How often we just forget to ask
Asking for help turns out to be quite difficult, even for members in a Scrum team, with Daily Scrum, Sprint Retrospective, Sprint Review; there are plenty of chances to speak up but somehow, we just don’t ask.
This insight comes to me during the conference while I was observing Q&A sessions. As you know, question and answer is a great way to exchange knowledge and share issues.
Questions are constantly thrown in the air, and in response, answers or ideas. I can see how happy some participants can be when they know the answer or direction to their problems; that is good. However, many of those questions (including some of mine) should not wait until an occasion like this conference. I wonder why.
Maybe in our professional place, we are limited onto our own context, restricted by the familiar environment, constrained by the collective habits; we seldom consider asking or even thinking about those outstanding questions within daily working day.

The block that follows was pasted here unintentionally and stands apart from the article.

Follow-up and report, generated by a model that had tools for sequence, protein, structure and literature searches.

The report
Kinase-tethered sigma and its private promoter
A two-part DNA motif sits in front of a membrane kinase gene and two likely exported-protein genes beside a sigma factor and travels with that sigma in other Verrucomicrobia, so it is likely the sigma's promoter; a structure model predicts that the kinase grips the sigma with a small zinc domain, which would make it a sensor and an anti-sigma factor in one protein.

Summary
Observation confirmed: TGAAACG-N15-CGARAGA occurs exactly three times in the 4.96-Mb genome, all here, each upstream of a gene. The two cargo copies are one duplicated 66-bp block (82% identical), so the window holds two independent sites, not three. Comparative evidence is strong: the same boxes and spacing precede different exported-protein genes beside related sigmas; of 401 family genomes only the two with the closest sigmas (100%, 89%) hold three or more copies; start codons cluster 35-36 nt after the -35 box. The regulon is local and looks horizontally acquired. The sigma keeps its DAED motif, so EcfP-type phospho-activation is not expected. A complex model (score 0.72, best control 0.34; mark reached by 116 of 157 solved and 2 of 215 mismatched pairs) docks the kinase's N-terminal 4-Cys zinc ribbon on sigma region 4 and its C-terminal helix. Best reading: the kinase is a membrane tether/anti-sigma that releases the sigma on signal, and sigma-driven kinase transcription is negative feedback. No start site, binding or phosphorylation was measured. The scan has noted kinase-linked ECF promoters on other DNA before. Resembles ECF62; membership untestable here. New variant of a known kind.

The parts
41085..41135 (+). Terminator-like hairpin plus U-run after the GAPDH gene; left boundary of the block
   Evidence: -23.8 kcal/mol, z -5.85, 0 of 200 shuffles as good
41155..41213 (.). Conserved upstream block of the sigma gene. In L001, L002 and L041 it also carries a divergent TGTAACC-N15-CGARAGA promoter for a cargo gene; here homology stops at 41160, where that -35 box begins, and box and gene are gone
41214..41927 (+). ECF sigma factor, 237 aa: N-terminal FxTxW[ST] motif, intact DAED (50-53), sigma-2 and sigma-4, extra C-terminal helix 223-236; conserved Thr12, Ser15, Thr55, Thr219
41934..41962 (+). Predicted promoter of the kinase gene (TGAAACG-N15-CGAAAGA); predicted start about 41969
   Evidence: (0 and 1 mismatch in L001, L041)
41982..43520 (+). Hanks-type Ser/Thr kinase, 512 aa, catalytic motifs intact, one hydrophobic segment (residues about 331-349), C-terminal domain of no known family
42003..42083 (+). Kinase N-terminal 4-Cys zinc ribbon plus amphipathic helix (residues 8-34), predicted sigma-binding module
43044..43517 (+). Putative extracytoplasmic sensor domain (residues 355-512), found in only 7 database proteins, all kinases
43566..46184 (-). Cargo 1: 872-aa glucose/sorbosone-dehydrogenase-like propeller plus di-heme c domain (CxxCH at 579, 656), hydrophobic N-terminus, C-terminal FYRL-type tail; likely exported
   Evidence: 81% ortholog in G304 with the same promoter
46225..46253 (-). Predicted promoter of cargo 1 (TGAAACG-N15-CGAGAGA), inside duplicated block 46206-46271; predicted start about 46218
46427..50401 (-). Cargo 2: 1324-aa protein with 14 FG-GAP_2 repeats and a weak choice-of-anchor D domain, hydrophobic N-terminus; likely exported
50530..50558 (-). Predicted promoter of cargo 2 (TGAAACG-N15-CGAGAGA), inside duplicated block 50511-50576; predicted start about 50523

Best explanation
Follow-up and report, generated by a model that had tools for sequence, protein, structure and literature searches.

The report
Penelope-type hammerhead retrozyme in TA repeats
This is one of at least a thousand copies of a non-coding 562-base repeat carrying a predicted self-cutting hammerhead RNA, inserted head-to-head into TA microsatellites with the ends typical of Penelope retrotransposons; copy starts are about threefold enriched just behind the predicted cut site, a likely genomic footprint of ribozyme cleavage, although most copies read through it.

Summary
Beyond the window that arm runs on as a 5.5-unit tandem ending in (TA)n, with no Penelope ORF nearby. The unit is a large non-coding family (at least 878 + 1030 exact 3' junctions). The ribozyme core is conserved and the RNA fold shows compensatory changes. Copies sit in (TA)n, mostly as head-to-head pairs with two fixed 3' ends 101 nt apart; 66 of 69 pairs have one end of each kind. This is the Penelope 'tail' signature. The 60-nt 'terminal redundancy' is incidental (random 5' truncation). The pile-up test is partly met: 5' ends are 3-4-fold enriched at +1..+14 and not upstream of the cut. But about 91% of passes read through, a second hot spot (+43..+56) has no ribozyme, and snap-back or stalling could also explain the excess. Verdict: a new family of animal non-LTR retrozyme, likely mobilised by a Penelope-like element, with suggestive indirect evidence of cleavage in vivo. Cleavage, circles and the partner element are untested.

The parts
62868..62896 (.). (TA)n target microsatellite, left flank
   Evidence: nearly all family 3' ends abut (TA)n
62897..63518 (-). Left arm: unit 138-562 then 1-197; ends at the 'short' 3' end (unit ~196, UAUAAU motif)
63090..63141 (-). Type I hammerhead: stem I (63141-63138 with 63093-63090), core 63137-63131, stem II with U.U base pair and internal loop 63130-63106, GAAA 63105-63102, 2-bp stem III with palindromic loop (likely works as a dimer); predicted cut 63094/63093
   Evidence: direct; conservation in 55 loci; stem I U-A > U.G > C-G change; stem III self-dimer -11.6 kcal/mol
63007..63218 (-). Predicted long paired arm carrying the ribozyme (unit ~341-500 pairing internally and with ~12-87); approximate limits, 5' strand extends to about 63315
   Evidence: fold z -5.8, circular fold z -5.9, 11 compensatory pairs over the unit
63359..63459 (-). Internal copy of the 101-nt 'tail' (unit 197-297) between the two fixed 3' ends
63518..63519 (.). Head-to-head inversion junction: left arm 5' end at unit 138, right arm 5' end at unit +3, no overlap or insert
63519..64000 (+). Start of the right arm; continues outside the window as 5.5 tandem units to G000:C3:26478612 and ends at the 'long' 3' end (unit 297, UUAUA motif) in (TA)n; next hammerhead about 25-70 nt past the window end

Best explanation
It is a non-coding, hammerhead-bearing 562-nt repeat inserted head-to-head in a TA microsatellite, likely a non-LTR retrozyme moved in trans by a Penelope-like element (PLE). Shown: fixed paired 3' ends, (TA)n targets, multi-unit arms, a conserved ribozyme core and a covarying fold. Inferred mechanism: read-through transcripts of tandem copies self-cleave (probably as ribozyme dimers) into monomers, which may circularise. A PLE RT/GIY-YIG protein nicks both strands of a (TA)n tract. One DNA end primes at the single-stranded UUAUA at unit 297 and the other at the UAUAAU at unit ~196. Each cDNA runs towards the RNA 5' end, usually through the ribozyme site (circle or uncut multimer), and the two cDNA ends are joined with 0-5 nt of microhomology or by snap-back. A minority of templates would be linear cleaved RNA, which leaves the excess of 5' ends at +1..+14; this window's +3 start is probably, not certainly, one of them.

Maybe only in a total open space with external professionals, those questions are ignited and emerged.
Set up ambitious goal and make achievable steps
One of the key approach in Agile and Scrum is continuously deliver small and valuable product increment. While this approach is effective and creates a lot of inspect and adapt points; without a big bold ambitious goal, it doesn’t motivate the team members involved to deliver more than expectation.
David Lim and his keynote about the ambitious goal of carrying out the first Singapore Mount Everest Expedition; and how to reach that goal with smaller achievable steps is one of the key take-away for many people.
We are drawn to who/what we are familiar
In the conference, there are 6 parallel rooms; each room has different speaker and topic. Participants are free to choose which room to go to. It is a common pattern to see participants drawn into a topic that they already know.
Scrum Masters - Agile Coaches go to facilitation topic.
Developers go to a technical talk.
Managers go to a leadership presentation.
While there is nothing wrong with this, isn’t it thought-provoking that unconsciously we human tend to keep learning what we already know? Maybe we just want to be sure we are doing the work the right way more than if there is new way to do it. We like to learn, but something we are slightly familiar with is better than something completely new.
Written by Hiep Le (why Innovation! Agile Coach)